Paul Ryan claims the protests heard so very loud and clear during the House Budget Committee chair’s town hall meetings in April had no influence on his thinking about Medicare.
Perhaps Ryan really does have a tin ear.
But the outcry over his plan to mess with Medicare, heard in Wisconsin communities from Milton to Kenosha, and at spring recess sessions in the districts of Republican freshmen from Pennsylvania to Florida, obviously influenced other Republicans.
Images from Kenosha – a historic factory town in Ryan’s district, where hundreds of people showed up to criticize his scheming to cut benefits for working Americans while giving billionaires and multinational corporations new tax breaks – were featured nationally on broadcast network news shows.
Cable news programs focused intense attention on the story. MSNBC’s Ed Schultz devoted much of a program last week to the outcry. (In addition to a blistering analysis of the congressman’s proposal by the host, this writer provided some on the ground reporting from Kenosha, including details of a brief interview with Ryan, who was typically dismissive of the popular discomfort with his plan.) But other networks — even Fox — at least touched on the congressman’s troubles.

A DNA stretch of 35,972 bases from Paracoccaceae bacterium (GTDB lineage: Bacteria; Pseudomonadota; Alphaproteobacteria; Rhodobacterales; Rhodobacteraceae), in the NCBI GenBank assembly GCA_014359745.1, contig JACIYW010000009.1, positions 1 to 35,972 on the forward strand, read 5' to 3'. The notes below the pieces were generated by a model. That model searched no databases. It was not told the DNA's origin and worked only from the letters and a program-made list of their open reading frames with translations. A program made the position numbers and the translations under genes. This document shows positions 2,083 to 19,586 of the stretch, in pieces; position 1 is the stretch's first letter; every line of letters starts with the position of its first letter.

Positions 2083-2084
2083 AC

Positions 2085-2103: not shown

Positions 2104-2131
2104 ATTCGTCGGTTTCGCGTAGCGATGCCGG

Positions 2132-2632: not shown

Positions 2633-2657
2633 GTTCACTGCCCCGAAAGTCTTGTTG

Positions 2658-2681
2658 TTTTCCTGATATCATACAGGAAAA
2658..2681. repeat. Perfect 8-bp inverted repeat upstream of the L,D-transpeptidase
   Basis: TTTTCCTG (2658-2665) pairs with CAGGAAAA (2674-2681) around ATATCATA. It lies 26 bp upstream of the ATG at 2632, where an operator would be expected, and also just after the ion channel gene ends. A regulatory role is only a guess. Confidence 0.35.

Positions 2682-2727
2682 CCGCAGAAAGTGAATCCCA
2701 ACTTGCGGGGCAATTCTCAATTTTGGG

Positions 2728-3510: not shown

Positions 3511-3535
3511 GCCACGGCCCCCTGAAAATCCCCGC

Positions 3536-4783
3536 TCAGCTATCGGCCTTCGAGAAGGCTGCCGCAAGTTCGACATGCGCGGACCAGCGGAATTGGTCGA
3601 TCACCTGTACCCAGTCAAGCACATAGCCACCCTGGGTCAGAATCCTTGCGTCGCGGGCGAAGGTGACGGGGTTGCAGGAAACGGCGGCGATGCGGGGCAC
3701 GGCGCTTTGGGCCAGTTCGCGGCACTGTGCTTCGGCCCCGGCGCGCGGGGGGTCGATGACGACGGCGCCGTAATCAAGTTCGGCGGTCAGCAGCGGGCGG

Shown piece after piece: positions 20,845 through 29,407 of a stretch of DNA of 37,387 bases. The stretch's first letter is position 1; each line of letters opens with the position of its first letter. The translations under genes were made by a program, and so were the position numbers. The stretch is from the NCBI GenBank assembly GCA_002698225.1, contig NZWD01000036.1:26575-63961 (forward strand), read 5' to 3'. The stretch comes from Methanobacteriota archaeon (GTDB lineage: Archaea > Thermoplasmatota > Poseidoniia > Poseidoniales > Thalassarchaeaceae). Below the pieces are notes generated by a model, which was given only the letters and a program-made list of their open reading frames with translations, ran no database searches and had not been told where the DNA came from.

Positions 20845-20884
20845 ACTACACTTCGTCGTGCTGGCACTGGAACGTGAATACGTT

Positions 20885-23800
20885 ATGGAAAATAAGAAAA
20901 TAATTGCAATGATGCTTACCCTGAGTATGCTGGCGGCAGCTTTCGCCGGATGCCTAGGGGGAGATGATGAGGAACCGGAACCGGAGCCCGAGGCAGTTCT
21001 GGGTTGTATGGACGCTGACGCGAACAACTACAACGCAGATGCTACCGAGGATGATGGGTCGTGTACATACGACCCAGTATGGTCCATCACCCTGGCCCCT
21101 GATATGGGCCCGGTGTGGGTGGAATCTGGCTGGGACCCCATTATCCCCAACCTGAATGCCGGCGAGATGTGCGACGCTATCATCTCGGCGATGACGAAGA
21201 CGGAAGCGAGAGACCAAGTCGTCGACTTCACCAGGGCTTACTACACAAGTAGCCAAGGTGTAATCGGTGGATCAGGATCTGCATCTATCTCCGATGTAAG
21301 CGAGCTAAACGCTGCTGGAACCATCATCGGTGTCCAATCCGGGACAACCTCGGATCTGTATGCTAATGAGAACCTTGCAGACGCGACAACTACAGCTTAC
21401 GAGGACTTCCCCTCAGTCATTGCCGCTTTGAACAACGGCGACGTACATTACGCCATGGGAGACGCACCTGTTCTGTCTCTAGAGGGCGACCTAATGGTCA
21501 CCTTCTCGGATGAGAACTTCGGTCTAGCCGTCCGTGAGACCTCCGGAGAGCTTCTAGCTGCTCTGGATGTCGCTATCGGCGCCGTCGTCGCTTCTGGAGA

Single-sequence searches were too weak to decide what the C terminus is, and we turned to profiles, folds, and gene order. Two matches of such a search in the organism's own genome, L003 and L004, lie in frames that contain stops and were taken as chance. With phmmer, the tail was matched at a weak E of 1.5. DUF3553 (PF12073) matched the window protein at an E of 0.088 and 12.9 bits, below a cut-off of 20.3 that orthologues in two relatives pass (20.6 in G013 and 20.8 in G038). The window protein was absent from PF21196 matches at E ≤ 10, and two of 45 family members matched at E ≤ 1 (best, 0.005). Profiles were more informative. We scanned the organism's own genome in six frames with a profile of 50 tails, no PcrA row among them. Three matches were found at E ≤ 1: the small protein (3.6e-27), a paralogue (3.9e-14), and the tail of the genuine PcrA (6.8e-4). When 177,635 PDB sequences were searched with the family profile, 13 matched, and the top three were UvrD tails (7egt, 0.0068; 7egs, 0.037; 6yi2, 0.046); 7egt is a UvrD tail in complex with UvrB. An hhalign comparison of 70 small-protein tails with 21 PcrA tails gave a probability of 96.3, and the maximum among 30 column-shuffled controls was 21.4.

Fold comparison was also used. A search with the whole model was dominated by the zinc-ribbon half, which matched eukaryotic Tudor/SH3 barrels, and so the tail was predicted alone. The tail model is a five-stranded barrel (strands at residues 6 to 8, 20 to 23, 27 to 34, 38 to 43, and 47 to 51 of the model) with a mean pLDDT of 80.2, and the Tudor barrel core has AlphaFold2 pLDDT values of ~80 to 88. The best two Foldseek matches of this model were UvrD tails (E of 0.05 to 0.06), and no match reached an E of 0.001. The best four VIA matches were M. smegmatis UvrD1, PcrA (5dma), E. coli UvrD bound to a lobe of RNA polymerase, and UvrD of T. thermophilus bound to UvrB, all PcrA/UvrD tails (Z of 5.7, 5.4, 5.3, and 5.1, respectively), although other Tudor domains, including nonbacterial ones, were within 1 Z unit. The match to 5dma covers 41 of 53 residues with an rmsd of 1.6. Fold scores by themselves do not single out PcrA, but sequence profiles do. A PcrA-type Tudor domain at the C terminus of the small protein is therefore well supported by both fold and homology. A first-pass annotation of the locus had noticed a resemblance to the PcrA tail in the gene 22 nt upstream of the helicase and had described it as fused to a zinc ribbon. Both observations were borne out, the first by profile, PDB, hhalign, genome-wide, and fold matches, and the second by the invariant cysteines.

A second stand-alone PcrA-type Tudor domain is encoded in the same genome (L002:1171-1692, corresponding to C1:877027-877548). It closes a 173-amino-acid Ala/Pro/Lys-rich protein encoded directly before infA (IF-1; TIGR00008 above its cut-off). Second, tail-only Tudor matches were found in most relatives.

The reporting was noticed in Washington where, last week, GOP leaders began almost immediately to distance themselves from Ryan’s plan to use Medicare funds to enrich the private insurance firms that have donated so generously to his campaigns.
The disarray among House and Senate Republicans is evident, as they send contradictory signals about how they will treat Medicare and Medicaid in negotiations around Ryan’s budget plan. Even as they claim to still be sympathetic to the budget committee chair’s plan, GOP leaders are retreating from it.